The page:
11
$\begingroup$

Short version

If we define $$ f(n) = \prod_{2 < p \le n} \left( 1 - \frac{1}{p-1}\right) $$ where the product is over prime numbers $p$, then is it true that asymptotically $$ f(n) \sim \frac{c}{\log n} $$ and if so for what value of $c$? Or if not, can we get an asymptotic formula for $f(n)$?


Longer version

Define $f(n)$ as above; for example $$ \begin{align} f(3) &= \left(1 - \frac{1}{2}\right) &&= \frac{1}{2} \\ f(5) &= \left(1 - \frac{1}{2}\right) \left(1 - \frac{1}{4}\right) &&= \frac{3}{8} \\ f(7) &= \left(1 - \frac{1}{2}\right) \left(1 - \frac{1}{4}\right) \left(1 - \frac{1}{6}\right) &&= \frac{5}{16} \\ f(11) &= \left(1 - \frac{1}{2}\right) \left(1 - \frac{1}{4}\right) \left(1 - \frac{1}{6}\right) \left(1 - \frac{1}{10}\right) &&= \frac{9}{32} \\ \end{align} $$ and so on. In code (Python):

from fractions import Fraction
import math
def isprime(n):
    return n > 1 and all(n % d != 0 for d in range(2, min(n, int(math.sqrt(n))+5)))
n = 2
f = {}
cf = Fraction(1, 1)
while True:
    n += 1
    if not isprime(n): continue
    cf *= (1 - Fraction(1, n - 1))
    f[n] = cf
    print(n, f[n] * math.log(n))

If we let this run for up to $n = 100000$, we see output like:

(99881, 0.7410660117923158)
(99901, 0.7410714826009325)
(99907, 0.7410679310376648)
(99923, 0.7410708229998296)
(99929, 0.7410672721476895)
(99961, 0.7410804687613776)
(99971, 0.7410794950190189)
(99989, 0.7410836723109864)
(99991, 0.7410775482554816)

so $f(n) \log n$ does seem to approach a value around $0.74$.

Note that the third theorem of Mertens says that the similar product $$ \prod_{p \le n}\left(1 - \frac{1}{p}\right) \sim \frac{e^{-\gamma}}{\log n} $$ where $\gamma \approx 0.577$ is Euler's constant. This is my reason for trying to see whether $$ f(n) = \prod_{2 < p \le n} \left( 1 - \frac{1}{p-1}\right) \sim \frac{c}{\log n} $$ as well, for some other $c$.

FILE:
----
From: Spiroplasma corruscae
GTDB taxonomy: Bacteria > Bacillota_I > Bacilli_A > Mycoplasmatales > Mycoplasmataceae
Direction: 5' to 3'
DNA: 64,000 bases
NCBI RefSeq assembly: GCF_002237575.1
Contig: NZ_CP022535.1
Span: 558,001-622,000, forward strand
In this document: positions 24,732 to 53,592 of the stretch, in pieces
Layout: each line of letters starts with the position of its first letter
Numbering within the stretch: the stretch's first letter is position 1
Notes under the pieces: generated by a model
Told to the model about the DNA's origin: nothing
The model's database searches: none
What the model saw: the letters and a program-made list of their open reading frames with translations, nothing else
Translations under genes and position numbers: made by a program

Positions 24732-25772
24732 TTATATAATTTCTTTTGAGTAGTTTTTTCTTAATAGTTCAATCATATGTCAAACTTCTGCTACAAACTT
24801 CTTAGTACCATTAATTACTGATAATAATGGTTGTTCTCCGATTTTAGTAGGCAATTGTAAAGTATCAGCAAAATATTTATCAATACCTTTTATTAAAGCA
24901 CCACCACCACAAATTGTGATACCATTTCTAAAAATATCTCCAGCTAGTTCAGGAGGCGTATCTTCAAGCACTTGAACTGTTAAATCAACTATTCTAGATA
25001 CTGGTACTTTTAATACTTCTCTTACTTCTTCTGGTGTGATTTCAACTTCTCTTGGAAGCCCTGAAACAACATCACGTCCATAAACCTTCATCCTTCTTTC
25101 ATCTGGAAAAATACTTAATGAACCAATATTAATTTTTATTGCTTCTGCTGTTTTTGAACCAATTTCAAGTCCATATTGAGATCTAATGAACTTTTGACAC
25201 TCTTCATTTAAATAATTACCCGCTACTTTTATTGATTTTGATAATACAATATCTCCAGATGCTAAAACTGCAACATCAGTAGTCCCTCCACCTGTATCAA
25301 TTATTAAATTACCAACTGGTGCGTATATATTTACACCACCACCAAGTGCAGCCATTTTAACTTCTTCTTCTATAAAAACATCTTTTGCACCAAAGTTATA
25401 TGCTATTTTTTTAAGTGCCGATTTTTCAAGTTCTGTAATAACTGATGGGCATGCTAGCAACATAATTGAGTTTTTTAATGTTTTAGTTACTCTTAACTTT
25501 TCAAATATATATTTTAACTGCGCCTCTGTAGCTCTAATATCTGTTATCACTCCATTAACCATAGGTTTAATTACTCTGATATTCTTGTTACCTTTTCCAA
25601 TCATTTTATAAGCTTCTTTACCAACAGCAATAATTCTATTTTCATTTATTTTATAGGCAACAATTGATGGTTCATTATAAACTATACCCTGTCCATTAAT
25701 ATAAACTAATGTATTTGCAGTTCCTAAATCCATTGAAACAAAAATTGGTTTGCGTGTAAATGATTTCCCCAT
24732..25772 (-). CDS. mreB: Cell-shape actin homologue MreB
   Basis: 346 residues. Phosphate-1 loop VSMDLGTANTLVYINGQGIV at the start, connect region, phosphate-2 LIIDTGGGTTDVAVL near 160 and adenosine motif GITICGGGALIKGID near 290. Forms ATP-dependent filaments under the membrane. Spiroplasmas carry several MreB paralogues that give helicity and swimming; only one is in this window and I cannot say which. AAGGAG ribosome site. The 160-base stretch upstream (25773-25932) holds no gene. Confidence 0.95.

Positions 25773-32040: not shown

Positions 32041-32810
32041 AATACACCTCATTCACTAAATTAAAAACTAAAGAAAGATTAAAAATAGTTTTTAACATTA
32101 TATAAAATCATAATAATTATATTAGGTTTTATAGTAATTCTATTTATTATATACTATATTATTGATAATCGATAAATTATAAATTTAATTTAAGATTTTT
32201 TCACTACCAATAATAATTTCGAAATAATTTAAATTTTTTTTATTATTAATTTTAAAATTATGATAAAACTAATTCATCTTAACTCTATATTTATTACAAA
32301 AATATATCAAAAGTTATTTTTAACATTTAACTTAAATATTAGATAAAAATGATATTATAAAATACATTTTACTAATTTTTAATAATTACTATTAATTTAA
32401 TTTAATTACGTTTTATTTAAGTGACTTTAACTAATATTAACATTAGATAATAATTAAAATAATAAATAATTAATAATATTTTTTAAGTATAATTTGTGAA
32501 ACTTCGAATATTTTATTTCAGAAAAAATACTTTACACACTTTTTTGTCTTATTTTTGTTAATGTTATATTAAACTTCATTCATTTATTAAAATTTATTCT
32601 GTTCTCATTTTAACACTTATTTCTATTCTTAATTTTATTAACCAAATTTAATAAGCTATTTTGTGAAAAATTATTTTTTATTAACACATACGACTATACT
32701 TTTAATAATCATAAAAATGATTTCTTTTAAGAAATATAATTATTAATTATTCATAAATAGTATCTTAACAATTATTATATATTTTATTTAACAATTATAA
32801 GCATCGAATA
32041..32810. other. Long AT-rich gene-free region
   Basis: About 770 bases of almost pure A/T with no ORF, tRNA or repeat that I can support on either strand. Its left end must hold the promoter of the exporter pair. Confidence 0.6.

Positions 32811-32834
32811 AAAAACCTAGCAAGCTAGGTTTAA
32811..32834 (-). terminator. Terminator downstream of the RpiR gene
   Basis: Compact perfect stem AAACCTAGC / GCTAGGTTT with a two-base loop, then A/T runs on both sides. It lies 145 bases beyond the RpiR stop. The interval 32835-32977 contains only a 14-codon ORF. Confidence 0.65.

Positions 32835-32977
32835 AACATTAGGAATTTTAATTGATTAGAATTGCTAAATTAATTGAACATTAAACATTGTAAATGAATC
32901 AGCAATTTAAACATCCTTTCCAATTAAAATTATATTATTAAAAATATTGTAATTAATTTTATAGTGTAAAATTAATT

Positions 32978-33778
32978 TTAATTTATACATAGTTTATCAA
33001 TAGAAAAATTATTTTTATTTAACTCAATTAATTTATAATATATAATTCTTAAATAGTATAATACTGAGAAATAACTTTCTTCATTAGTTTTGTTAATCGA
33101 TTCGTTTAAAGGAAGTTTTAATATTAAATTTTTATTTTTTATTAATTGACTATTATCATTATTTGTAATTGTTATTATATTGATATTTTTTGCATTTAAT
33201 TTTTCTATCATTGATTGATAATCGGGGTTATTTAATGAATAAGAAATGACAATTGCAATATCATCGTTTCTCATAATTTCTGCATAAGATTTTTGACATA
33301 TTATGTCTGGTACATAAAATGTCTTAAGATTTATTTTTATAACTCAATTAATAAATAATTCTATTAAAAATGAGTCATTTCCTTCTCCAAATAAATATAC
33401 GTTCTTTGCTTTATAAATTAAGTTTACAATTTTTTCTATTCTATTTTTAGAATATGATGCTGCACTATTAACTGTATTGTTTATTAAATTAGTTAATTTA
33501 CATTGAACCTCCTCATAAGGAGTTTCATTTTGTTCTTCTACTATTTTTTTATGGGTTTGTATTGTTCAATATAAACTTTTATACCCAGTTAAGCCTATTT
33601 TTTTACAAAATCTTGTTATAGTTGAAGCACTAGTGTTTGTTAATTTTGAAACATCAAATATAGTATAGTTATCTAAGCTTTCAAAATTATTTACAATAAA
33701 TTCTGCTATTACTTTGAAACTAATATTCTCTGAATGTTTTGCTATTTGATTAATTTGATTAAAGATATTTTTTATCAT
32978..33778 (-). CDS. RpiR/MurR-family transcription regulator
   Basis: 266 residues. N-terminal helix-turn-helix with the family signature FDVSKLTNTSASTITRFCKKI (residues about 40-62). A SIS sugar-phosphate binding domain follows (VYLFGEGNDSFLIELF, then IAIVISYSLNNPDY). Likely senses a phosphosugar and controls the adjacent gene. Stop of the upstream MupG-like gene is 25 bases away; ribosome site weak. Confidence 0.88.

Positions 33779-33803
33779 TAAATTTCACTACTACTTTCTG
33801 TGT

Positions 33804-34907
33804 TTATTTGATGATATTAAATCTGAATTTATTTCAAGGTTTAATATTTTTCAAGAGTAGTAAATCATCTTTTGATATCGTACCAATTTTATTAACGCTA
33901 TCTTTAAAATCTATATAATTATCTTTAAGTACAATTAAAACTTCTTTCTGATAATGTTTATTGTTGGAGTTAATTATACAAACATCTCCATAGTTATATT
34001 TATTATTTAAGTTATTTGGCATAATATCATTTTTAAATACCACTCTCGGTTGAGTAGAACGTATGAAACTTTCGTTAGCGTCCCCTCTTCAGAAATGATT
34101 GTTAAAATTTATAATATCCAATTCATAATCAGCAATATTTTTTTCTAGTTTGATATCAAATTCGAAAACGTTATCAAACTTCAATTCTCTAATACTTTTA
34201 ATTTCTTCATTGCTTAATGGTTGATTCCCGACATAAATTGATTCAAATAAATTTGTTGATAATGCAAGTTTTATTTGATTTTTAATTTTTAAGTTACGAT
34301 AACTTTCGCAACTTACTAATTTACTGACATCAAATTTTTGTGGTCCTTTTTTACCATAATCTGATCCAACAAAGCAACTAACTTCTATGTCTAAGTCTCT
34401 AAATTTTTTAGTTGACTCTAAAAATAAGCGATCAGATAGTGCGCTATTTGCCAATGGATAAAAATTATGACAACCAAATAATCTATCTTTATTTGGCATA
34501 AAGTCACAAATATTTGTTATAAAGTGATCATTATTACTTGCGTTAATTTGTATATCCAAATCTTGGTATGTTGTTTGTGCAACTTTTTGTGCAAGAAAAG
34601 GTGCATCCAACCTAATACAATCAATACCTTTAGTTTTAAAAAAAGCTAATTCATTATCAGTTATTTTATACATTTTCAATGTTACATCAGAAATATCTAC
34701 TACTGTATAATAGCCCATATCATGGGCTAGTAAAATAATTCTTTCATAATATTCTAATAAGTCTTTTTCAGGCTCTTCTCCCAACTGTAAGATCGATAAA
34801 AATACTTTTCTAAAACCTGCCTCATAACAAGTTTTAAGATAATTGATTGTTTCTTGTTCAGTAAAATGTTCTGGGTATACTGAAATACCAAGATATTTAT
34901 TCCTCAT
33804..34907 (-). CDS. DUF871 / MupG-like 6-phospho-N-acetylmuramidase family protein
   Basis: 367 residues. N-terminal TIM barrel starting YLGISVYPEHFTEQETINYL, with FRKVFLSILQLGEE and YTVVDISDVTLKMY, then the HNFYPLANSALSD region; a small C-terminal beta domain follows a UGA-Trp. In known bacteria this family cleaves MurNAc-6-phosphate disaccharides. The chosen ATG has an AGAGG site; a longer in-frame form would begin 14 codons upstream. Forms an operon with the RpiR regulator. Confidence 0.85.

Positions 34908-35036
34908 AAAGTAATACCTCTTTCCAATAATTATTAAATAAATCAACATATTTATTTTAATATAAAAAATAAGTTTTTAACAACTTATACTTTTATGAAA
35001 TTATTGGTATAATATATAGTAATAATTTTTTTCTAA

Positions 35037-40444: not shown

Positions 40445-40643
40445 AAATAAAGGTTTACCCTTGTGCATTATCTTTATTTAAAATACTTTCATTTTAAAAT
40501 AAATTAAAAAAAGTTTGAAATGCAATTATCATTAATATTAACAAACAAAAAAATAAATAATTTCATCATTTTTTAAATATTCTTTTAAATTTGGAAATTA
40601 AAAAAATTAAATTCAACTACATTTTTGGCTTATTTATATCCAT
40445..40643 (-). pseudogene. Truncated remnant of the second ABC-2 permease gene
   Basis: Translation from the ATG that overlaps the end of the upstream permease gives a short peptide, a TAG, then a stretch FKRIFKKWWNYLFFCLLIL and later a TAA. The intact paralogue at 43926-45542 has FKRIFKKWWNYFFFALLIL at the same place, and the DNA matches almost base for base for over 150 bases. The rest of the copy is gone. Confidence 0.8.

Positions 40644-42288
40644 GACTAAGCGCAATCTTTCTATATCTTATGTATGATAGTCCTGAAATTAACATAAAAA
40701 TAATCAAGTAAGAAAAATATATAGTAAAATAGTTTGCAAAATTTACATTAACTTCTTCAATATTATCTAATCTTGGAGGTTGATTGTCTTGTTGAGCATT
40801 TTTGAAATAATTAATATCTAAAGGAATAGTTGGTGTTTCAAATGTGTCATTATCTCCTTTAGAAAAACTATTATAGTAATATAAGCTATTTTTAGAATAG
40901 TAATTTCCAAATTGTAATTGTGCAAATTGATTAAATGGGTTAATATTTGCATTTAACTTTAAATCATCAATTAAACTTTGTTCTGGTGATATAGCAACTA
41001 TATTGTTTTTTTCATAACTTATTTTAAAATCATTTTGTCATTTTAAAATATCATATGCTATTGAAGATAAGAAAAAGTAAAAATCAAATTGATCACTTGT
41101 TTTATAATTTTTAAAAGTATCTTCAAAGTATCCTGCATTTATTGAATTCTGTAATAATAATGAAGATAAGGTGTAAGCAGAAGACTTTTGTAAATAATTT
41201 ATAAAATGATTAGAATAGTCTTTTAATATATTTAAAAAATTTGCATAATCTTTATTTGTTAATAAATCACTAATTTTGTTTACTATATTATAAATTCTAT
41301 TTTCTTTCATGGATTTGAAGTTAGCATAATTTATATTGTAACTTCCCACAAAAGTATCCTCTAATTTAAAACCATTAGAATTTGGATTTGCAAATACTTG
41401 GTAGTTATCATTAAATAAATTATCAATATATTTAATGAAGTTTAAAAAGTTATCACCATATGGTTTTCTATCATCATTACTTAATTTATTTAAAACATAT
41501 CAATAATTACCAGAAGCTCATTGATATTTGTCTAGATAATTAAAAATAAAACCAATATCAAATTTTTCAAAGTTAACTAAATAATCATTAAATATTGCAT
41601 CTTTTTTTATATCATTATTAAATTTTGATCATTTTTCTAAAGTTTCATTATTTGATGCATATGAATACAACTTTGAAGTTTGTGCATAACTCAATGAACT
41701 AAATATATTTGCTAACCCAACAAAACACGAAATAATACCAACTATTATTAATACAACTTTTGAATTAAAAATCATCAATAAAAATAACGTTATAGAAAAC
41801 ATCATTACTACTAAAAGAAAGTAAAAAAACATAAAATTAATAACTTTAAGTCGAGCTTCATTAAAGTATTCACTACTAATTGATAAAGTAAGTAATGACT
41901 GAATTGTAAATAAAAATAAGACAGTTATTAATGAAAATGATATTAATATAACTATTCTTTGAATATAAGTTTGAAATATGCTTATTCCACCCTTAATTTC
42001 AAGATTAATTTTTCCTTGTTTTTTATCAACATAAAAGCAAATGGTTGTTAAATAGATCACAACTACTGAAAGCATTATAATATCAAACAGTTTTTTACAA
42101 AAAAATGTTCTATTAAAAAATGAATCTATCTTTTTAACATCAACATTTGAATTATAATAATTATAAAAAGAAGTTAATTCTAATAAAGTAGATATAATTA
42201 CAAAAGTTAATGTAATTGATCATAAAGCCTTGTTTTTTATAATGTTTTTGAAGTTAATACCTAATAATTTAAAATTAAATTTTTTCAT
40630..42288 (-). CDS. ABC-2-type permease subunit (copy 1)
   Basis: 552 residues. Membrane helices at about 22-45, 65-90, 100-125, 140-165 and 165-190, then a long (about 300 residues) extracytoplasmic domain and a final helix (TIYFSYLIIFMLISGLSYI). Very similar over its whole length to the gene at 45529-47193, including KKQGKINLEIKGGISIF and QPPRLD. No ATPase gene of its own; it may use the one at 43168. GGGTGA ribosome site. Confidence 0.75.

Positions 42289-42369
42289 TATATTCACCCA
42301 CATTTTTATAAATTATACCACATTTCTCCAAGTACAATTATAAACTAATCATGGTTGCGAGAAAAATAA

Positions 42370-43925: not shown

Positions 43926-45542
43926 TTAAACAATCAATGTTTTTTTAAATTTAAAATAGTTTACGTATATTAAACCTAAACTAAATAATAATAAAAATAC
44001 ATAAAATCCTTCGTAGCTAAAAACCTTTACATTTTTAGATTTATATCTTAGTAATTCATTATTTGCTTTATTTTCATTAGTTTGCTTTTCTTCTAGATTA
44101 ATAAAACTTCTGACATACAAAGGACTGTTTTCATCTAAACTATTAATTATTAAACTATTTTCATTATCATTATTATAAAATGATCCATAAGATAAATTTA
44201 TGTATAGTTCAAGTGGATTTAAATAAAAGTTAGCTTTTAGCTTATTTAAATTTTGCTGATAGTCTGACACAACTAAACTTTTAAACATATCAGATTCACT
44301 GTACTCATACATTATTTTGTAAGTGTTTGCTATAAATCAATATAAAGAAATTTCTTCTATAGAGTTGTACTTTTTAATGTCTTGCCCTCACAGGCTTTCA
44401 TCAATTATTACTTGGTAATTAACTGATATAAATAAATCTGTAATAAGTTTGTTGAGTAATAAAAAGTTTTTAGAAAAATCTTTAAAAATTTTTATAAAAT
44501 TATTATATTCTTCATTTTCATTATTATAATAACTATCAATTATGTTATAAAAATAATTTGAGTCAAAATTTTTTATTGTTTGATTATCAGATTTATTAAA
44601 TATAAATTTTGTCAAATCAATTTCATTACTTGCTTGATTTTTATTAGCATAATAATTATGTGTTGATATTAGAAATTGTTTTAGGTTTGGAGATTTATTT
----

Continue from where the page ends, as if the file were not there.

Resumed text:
What I've tried

(Obviously not successfully, so it may be best to ignore everything that follows.)

Taking logs, we can write $$ \log f(n) = \sum_{2 < p \le n} \log\left(1 - \frac{1}{p-1}\right). \tag{1}\label{one} $$ We can try to relate this to the theorem of Mertens that $$ \sum_{p \le x} \log\left(1 - \frac{1}{p}\right) = -\log\log x - \gamma + o(1) $$ or (peeling off the $p=2$ term) $$ \sum_{2 < p \le n} \log\left(1 - \frac{1}{p}\right) = -\log\log n - \gamma + \log 2 + o(1) \tag{2}\label{two} $$ To try to relate $\eqref{one}$ to $\eqref{two}$, we can write $\log\left(1 - \frac{1}{p-1}\right)$ in terms of $\log\left(1 - \frac{1}{p}\right)$: for $p>2$ we have $$ \begin{align} -\log\left(1 - \frac{1}{p-1}\right) &= \frac{1}{p} + \frac{3}{2p^2} + \frac{7}{3p^3} + \frac{15}{4p^4} + \frac{31}{5p^5} + \frac{63}{6p^6} + \frac{127}{7p^7} + \dots \\ &= -\log\left(1 - \frac1p\right) + \left(\frac{2}{2p^2} + \frac{6}{3p^3} + \frac{14}{4p^4} + \frac{30}{5p^5} + \frac{62}{6p^6} + \cdots \right) \end{align} $$ where the second term is $\log\left(\frac{(p - 1)^2}{p(p-2)}\right)$. So, summing the above over $2 < p \le n$, $$ \begin{align} -\log f(n) &= -\sum_{2 < p \le n}\log\left(1 - \frac{1}{p-1}\right) \\ &= -\sum_{2 < p \le n}{\log\left(1 - \frac1p\right)} + \sum_{2 < p \le n}\left(\frac{2}{2p^2} + \frac{6}{3p^3} + \frac{14}{4p^4} + \frac{30}{5p^5} + \frac{62}{6p^6} + \cdots \right) \tag{3}\label{three}\\ &\approx \log\log n + \gamma - \log 2 + \frac{2}{2}\left(P(2)-\frac{1}{2^2}\right) + \frac{6}{3}\left(P(3)-\frac{1}{2^3}\right) + \frac{14}{4}\left(P(4)-\frac{1}{2^4}\right) + \dots \end{align} $$ where $P(k) = \sum_{p} \frac{1}{p^k}$ denotes the prime zeta function. On the face of it, this seems like it may give an expression of the form $-\log f(n) = \log\log n + c + o(1)$ for some constant $c$, and therefore $\log f(n) = -c - \log\log n + o(1)$ or $$ f(n) \sim \frac{e^{-c}}{\log n} $$ which is what we wanted. The problem with this is that, in addition to the $\approx$ on the last line of $\eqref{three}$ being sloppy, it appears that in fact the subtracted term $\left(\frac{2}{2\cdot2^2} + \frac{6}{3\cdot2^3} + \frac{14}{4\cdot2^4} + \frac{30}{5\cdot2^5} + \frac{62}{6\cdot2^6} + \cdots \right)$ diverges! So it's not clear whether $\eqref{three}$ is meaningful in any way (and even if it were, whether this is a “proper” way to express the constant $c$).